|Page 1 of 2:|| |
|Index||20 reviews in total|
I stumbled upon this film playing on Showtime and found it to be so
riddled with stereotypes that it's hard to watch. 'Diary of a Tired
Black Man' is a low-budget, hybrid drama/documentary, which apparently
sets out to present and answer the question of why black women and men
The film is not a technically beautiful one, but I'm a huge independent film fan, so I can live with the flaws. The single greatest problem with this film is that it took a subject matter ripe with possibility (an intimate look at Black Relationships in America) and turned it into a lopsided tirade against half of its subject matter--black women--which does the film its greatest disservice.
In between interviews with an assortment of people across America (this film would've fared better solely as a documentary) , the filmmaker interjects staged, dramatic moments surrounding the diary of a 'Tired Black Man,' Jimmy Jean Louis. The badly-written scenes, which are apparently designed to help audiences understand why this particular black man is 'tired,' only highlight the lead's poor choice in a high-maintenance, gorgeous but self-absorbed, airhead. This is a mistake that American men of all races have made, nothing race-based or shocking here, but the laborious scenes, interspersed with the interviews, gives the film a disjointedness that's exhausting to watch. Even Jimmy Jean Louis looks like he'd rather be elsewhere.
With the 'Tired Black Man's' diary writing as its basis, the film seeks to validate nearly two hours of raced-based drivel, without really getting to the heart of the matter: People are ultimately people. Men will be men and women will be women. To single-out universal, relationship issues as a stereotypically 'black problem' is just, well... 'Tired.'
Don't believe the 10 star reviews here written in the same voice. It's truly an abuse of IMDb and an insult to film-making.
If I could give negative stars I would, cause frankly, this doesn't
even deserve 1 star. I'll keep it brief. There are so many problems
with this video --- too many to count.
First -- it's "labeled/categorized"as a 'drama' i.e. narrative film. That is one big glaring mistake: It is not a narrative film. It is a documentary. (this video is an insult to the genre, "documentary")
This is just an arrogant, self-righteous, one-sided, conceited, ignorant, self-indulgent commentary on the STEREO-TYPE of an "angry black woman" -- condescending African-American women who carry this self-inflicting, self-destructive disease known as, "Angry Black Woman Syndrome".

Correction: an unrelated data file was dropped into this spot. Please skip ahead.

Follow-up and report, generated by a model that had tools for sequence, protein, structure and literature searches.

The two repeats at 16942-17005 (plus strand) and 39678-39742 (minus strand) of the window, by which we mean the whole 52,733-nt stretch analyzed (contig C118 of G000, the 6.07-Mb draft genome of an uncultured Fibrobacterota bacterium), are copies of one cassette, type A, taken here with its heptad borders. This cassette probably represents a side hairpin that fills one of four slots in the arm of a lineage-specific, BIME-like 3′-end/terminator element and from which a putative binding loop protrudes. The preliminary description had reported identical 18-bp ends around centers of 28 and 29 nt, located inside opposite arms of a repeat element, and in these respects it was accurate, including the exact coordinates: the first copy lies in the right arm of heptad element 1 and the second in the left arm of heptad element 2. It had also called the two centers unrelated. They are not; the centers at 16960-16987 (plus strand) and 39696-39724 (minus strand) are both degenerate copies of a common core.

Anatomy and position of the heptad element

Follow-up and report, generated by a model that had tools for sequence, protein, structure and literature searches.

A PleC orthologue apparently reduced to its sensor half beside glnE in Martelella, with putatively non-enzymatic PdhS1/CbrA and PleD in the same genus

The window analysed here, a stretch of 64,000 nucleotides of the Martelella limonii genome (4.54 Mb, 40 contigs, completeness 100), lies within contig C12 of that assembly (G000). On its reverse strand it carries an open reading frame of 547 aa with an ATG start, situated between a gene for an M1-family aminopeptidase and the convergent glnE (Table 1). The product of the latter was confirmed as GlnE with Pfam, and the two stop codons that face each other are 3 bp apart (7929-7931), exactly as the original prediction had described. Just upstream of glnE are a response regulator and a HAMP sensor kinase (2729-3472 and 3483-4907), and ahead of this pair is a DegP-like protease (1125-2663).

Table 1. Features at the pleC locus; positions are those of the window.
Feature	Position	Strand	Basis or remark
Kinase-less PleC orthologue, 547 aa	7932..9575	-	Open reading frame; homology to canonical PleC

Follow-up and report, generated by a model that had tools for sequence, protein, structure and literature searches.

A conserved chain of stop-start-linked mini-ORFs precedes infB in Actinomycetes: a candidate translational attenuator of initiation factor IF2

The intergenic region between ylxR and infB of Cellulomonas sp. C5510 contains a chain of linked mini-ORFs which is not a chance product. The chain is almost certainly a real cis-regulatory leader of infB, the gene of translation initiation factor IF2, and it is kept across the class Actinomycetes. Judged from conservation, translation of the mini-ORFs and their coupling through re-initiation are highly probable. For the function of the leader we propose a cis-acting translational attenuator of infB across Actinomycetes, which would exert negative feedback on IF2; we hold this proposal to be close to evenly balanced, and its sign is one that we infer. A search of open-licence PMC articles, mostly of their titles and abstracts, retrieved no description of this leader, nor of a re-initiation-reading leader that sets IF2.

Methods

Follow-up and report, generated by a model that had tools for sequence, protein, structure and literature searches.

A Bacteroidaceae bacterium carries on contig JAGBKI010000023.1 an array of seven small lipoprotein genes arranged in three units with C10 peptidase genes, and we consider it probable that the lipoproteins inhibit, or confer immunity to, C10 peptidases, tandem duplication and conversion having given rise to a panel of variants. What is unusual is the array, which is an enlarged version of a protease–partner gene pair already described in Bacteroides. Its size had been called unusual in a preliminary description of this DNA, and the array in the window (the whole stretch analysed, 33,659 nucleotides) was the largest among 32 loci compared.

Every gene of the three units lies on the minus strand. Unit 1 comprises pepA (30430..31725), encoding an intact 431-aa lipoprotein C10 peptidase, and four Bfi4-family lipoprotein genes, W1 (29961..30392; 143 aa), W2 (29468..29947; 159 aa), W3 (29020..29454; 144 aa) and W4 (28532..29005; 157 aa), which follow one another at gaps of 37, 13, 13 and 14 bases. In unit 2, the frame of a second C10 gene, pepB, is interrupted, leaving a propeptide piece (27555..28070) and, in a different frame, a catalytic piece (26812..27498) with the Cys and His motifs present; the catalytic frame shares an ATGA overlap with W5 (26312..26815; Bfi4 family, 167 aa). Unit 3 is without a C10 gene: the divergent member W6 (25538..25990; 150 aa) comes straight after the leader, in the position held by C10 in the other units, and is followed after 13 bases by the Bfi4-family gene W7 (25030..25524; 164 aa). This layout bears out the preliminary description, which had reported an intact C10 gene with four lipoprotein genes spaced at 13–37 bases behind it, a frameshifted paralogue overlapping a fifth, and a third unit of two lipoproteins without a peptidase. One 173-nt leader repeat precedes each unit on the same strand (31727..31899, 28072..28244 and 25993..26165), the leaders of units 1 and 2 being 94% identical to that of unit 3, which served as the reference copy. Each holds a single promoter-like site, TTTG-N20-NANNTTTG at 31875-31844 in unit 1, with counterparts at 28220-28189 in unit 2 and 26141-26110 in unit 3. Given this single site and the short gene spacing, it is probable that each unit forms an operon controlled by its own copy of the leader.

The majority of the men in this video, including our Lord-Almighty, director/savior, Mr. Tim Alexander merely come off as being completely ignorant, selfish, chauvinistic, and simple minded. He and his posse of "men" criticize all the women around them, surrounding them in their small, unimportant lives as being the cause of all their pain and torment. Okay, can we all say, "Martyr"!!!
And he edits most of the women to either look foolish or support his opinion --- wake up folks, it's called "EDITING".
Give me a break! I am not a woman. I am not African-American. I am not white. I am a male. And I think this was so infantile and stupid, it ironically defeated the director's point by making all the men testimonials look completely infantile- -- the men (including director, Tim Alexander) don't even seem like they could get a G.E.D. if their life depended on it. But I love how we're so blessed to see our very own Tim Alexander give talks in coffee shops and parks like he's some expert on gender/race relationships. Who is this loser, besides just being a narcissist.
Oh and for the record, I have dated several African-American women plus I have several African-American male and female friends and none of them (especially the females I've had relationships with) act or even think this way.
As it was barely mentioned in the movie, maybe these issues aren't just "black women issues" but rather "Men and Women" issues as a whole. For the Tim Alexander, I know that's a bit too much to swallow, cause after all, he's actually the racist for not seeing the larger picture and realizing it's not a color/race issue, but rather just the standard gender/relationship issues that every one deals with. It'd help if maybe he dated. Then he might actually know what he's talking about instead of just watching Tyler Perry movies.